The Passion of Joan of Arc, 1928

In 1431 Rouen, in the midst of a ravaging Hundred Years War with England, a nineteen year old French peasant girl named Jeanne was condemned to death by the church tribunal for heresy, and burned at the stake. Based on the historical transcripts of the actual trial, Carl Theodor Dreyer’s The Passion of Joan of Arc is an eviscerating experimental film of faith, suffering, and redemption. The film opens with a tracking shot of the English guards outside the courtroom, then to the clerical judges, as Jeanne (Renee Maria Falconetti) is escorted inside. The inquisitors hover over Jeanne, relentlessly questioning her faith and patriotism, waiting for any incriminating statement that would seal her fate. Unable to ensnare her in their verbal traps, she is led away to her cell, only to be taunted by prison guards as the daughter of God, placing a woven crown upon her head. A monk named Loyseleur (Maurice Schutz) forges a letter from King Charles in an attempt to entrust him into her confidence. The judges follow Loyseleur to her cell to continue their questioning. Loyseleur initially reassures Jeanne through subtle visual cues, but then abandons her when asked if she is in a state of grace. A sympathetic young monk, Massieu (Antonin Artaud), warns of the danger of the posed question, to which Jeanne summarily replies: “If I am, may God keep me there. If I am not, may God grant it to me.” Her response confounds the calculating judges, and compel them to employ a different tactic: physical torture. Confused and afraid, Jeanne collapses at the sight of the barbaric devices in the chamber. Brought outside the courtroom as a public spectacle, a weak and delirious Jeanne reluctantly signs the confession, and her death sentence is commuted. Returned to cell, her courage and faith are restored by the sight of the woven crown, and implores Cauchon (Eugene Silvain) that she wishes to recant. Unable to force Jeanne into submission, the judges sentence her to death.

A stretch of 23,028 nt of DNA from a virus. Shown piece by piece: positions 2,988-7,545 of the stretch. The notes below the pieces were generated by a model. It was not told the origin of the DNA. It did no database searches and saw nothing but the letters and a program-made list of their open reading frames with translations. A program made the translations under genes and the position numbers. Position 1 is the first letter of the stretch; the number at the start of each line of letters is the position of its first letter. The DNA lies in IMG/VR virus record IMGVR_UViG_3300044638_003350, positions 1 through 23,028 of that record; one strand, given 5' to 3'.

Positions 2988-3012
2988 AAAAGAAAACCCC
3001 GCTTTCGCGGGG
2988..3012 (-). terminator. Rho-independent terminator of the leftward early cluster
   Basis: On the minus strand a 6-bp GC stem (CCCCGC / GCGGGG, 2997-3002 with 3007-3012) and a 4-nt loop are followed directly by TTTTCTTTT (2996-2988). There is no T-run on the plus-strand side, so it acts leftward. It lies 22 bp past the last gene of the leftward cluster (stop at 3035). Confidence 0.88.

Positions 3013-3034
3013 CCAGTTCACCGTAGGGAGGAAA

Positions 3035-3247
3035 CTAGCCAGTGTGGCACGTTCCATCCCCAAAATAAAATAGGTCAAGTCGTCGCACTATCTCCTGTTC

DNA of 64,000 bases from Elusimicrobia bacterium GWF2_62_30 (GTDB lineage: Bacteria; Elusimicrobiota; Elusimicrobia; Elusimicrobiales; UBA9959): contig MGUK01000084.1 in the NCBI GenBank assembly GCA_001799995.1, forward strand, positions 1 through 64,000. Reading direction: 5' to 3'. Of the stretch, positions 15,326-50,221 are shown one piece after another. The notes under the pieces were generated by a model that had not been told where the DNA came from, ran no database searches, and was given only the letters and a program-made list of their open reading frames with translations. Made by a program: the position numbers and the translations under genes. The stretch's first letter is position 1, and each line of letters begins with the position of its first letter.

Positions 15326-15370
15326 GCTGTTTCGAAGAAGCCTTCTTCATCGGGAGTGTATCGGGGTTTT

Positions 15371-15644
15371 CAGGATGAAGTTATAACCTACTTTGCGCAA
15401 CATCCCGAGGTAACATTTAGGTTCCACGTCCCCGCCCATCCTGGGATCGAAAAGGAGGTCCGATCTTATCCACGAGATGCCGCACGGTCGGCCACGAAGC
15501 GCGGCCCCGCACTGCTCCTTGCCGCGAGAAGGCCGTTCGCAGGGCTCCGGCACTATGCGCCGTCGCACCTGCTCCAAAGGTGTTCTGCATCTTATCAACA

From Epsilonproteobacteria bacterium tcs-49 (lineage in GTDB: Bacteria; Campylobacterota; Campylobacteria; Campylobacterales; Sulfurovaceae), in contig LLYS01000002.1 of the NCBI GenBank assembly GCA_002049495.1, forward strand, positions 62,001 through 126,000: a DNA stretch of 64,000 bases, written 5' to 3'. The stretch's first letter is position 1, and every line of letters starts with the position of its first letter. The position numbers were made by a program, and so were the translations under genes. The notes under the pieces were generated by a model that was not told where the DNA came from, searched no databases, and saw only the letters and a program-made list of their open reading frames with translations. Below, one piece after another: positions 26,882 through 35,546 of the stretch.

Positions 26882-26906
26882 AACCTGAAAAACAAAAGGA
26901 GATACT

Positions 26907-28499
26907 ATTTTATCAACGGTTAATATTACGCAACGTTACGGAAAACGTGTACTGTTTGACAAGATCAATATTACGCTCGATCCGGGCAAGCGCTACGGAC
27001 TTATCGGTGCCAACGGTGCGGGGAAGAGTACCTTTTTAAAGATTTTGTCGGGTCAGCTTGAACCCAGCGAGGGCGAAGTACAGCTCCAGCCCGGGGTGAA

Dreyer’s startling and innovative camerawork in The Passion of Joan of Arc creates visual imbalance. The courtroom scene recreates the abusive atmosphere of the inquisition by filming the oppressive judges upward, which contrast with the images of a victimized Jeanne filmed downward. The pervasive use of variable distance close-ups (a technique similar employed in Patrice Leconte’s Monsieur Hire) is claustrophobic, revealing the opportunistic judges’ ulterior motives, as they carefully craft a means to ensnare Jeanne with their leading questions and insincere actions. The odd angle shots of the street performers, prison guards, and judges further exaggerate their physical features, creating a sense of the grotesque – in essence, an external manifestation of their innate inhumanity. The Passion of Joan of Arc is a profoundly moving, indelible film of courage and perseverance, spirituality and conscience; a fitting tribute to the memory of the Maid of Orleans: a heroine, a martyr, a saint.

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